Abstract Number: PB0099
Meeting: ISTH 2020 Congress
Background: Stroke is caused due to obstructed blood flow (ischaemia) or unrestricted bleeding in the brain (intracerebral haemorrhage; ICH). Global brain ischaemia occurs when cerebral blood flow is restricted e.g. during cardiac arrest. Following ischaemic injury, restoration of blood flow causes ischaemia-reperfusion (I/R) injury which further worsens outcome.
Aims: To study secondary injury mechanisms in global and focal ischaemia and to compare it with ICH using standardised readouts for inflammation, endothelial dysfunction, blood-brain barrier (BBB) damage and apoptosis.
Methods: We compared the conventionally used model of I/R injury (middle cerebral artery occlusion; MCAo) with ICH (collagenase model) and a newly developed model of global I/R injury (dual carotid artery ligation; DCAL).
Results: MRI revealed that DCAL produced smaller bilateral striatal lesions, whereas MCAo produced a larger focal corticostriatal lesion. Striatal lesion volume was relatively smaller after ICH. After global ischaemia mice had worse overall neurological scores, although quantitative locomotor assessment showed that MCAo and ICH had significantly worsened mobility. BBB breakdown was seen in both hemispheres of the brain after DCAL whereas apoptotic activity was highest in the haemorrhage model. VCAM-1 upregulation was specific to ischaemia, but increased complement receptor (C5aR) mRNA was detected in all three conditions. Differential transcriptional upregulation of pro-inflammatory chemokines and cytokines was seen in the three models.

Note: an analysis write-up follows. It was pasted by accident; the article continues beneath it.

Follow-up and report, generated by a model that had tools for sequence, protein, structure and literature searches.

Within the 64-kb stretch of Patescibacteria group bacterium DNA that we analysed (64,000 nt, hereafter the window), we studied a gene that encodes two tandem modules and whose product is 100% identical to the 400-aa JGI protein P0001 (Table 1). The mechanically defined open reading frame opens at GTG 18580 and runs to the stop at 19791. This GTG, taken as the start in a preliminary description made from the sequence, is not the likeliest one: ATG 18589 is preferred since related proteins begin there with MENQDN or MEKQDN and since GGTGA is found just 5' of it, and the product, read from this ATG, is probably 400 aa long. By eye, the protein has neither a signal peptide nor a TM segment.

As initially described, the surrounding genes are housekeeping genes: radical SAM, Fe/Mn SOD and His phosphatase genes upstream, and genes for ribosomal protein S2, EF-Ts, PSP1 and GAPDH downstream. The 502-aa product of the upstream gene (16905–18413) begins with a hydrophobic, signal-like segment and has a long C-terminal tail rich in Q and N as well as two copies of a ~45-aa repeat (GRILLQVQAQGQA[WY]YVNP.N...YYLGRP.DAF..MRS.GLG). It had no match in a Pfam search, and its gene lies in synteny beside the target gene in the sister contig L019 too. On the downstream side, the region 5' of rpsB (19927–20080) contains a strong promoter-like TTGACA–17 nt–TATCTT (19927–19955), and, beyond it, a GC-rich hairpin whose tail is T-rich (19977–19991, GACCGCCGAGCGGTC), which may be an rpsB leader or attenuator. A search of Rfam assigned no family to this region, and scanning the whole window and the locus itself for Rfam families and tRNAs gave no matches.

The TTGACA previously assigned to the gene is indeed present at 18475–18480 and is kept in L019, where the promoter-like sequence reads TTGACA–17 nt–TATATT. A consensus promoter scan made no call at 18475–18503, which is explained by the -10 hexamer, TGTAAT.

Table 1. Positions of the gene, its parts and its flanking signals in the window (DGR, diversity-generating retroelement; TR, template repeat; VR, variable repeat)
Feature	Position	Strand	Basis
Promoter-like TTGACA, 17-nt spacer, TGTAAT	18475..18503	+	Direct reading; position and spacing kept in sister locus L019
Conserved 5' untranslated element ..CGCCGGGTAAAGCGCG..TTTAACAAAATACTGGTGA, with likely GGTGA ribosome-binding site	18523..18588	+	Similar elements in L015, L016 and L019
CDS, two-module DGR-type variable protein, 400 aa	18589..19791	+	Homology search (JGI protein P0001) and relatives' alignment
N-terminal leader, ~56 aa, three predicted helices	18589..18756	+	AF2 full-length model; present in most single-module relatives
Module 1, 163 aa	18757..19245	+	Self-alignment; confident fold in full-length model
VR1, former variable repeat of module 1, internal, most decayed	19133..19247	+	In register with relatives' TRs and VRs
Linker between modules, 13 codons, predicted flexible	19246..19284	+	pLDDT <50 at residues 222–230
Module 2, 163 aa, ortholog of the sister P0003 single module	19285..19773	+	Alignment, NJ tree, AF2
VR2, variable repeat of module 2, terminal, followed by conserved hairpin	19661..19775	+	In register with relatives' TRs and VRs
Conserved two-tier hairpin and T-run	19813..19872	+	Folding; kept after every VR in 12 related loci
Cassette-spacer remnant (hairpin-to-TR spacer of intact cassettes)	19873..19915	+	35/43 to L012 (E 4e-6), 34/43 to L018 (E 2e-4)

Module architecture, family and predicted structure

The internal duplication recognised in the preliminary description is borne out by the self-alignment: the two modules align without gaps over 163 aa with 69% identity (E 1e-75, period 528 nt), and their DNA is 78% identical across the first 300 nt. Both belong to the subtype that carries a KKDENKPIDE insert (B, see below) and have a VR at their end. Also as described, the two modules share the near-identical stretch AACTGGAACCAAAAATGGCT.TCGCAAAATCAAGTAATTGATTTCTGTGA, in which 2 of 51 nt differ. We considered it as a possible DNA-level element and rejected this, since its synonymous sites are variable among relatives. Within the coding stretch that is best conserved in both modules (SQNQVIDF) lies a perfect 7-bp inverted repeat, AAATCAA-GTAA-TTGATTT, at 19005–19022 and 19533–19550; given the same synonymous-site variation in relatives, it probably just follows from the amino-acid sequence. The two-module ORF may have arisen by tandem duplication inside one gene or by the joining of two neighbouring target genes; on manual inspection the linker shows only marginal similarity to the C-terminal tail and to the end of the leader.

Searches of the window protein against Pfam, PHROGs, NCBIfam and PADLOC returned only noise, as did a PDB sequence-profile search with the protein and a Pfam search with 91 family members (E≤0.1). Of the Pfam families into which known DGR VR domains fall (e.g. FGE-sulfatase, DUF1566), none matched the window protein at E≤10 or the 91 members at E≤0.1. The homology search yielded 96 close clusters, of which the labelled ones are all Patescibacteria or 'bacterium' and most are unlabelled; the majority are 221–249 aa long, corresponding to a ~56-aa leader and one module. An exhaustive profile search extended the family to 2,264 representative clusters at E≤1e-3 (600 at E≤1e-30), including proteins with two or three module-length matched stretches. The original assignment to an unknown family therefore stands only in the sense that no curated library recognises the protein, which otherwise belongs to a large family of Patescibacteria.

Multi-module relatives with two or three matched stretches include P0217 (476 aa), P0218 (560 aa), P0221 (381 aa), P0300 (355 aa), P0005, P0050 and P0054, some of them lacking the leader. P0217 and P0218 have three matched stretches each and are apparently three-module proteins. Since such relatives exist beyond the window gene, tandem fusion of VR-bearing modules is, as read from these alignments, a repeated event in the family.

Conclusions: Given the lack of success in addressing neuroprotection in stroke, laboratory studies comparing more than one ischaemic stroke model or ischaemic and haemorrhagic stroke models are important, but uncommon. The establishment of multiple readouts for different pathophysiological processes can help pinpoint drugs that might be effective under conditions of both ischaemic and haemorrhagic stroke, thereby also eliminating requirement for sophisticated neuroimaging prior to administration. This work also offers strategies to identify drugs that might cause haemorrhagic transformation when developed for treatment of ischaemic stroke.
To cite this abstract in AMA style:Lee N, Selan C, Chia J, Sturgeon S, Wright D, Zamani A, Pereira M, Nandurkar H, Sashindranath M. Secondary Brain Damage in Mouse Models of Focal and Global Ischaemia and Haemorrhagic Stroke: A Comparative Study [abstract]. Res Pract Thromb Haemost. 2020; 4 (Suppl 1). https://abstracts.isth.org/abstract/secondary-brain-damage-in-mouse-models-of-focal-and-global-ischaemia-and-haemorrhagic-stroke-a-comparative-study/. Accessed January 28, 2022.
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